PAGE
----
Update 12:35 p.m. EDT Aug. 26: Authorities on Friday released a 32-page affidavit filed in court in connection with the search of Mar-a-Lago. Several paragraphs and pages of the document were redacted after Reinhart ruled the areas blocked out were “narrowly tailored to serve the Government’s legitimate interest in the integrity of the ongoing investigation and are the least onerous alternative to sealing the entire Affidavit.”
Documents outline government’s argument for keeping information under seal
Update 12:25 p.m. EDT Aug. 26: Documents unsealed in court Friday outlined the government’s arguments for keeping some information redacted in the affidavit officials used to obtain a warrant to search Mar-a-Lago.
In a court filing, which was also partially redacted, officials argued that five categories of information must remain under seal: information from civilian witnesses who might face retaliation; information about the investigation “that could provide a roadmap for potential ways to obstruct the investigation;” information that is required by law to remain out of the public sphere, such as grand jury subpoenas and testimony; information that could put law enforcement officials at risk; and information that could disrupt the privacy of third parties.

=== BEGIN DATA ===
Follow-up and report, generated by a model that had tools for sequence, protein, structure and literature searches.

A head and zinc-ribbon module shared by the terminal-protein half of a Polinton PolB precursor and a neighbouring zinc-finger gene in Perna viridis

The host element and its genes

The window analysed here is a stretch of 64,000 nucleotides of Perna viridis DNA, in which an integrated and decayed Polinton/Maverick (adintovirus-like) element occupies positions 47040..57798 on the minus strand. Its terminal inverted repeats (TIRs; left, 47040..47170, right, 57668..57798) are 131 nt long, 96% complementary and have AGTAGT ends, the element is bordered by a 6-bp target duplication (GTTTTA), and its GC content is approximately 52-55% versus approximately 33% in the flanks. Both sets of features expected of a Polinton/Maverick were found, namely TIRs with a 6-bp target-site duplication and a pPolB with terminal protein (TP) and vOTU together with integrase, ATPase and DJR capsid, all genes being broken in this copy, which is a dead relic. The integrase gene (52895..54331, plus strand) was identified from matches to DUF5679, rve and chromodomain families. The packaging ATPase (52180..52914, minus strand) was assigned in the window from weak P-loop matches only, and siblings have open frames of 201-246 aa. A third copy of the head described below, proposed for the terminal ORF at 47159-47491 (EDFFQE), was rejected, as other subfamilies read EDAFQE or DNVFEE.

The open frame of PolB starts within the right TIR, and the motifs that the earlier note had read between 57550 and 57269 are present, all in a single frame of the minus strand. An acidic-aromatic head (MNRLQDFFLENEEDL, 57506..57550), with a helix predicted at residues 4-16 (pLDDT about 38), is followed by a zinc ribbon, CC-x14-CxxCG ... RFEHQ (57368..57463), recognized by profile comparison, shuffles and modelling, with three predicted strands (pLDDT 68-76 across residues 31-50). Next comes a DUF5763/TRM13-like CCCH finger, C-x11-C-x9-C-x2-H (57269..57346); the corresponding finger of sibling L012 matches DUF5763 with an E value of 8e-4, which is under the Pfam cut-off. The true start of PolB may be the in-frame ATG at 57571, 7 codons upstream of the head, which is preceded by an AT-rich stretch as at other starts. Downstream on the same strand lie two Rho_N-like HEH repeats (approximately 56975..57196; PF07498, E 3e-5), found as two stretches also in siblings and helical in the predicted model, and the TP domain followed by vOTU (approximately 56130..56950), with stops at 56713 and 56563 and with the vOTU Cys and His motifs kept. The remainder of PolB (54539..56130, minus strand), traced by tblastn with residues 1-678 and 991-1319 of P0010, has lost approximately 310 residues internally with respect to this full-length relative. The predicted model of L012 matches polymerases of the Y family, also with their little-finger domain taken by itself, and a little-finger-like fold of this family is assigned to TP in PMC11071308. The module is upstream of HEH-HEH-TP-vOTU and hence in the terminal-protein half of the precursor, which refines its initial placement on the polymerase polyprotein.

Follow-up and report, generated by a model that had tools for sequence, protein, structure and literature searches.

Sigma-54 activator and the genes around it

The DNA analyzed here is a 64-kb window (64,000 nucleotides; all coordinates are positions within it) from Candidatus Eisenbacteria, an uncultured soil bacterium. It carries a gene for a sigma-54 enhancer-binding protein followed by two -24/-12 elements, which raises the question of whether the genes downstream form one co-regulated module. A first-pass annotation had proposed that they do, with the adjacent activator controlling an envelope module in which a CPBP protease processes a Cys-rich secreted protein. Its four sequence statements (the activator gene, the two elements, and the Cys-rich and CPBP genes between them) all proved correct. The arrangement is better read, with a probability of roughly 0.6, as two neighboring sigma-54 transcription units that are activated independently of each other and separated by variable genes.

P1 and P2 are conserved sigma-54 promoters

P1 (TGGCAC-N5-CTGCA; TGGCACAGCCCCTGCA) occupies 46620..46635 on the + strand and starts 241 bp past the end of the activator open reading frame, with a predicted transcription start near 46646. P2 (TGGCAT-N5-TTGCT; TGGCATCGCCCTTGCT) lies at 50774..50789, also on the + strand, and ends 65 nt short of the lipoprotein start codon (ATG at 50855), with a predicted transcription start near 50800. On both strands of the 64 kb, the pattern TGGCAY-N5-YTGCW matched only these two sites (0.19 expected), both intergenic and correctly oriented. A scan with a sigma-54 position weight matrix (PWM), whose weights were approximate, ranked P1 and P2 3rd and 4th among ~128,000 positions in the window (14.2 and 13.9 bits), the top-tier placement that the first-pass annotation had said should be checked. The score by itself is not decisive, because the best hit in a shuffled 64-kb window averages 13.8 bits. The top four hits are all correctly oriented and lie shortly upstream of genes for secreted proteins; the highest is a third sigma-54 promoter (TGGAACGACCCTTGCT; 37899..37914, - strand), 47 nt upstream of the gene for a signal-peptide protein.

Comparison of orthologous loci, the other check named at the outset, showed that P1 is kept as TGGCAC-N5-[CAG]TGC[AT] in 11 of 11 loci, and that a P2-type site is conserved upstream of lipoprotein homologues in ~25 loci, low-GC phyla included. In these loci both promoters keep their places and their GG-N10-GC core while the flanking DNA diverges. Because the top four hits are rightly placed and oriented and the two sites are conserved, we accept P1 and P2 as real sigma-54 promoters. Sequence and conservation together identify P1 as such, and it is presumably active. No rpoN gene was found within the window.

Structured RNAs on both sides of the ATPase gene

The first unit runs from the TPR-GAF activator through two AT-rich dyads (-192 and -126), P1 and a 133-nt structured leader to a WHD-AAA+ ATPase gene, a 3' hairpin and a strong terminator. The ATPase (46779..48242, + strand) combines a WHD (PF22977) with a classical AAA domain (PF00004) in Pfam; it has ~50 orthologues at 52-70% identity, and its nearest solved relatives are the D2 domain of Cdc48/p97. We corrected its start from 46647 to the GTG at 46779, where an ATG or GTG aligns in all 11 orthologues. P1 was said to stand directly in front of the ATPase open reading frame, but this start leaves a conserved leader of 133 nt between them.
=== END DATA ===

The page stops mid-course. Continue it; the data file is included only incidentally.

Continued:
Judge orders release of newly filed restricted documents
Update 12:10 p.m. EDT Aug. 26: A judge on Friday ordered the release of redacted documents filed in court Friday in relation to the search earlier this month of Mar-a-Lago.
The documents had been filed earlier Friday before a court-ordered deadline to file a redacted affidavit to be made public following the search. The documents were filed before 11:30 a.m. Friday and had been restricted “until further notice.”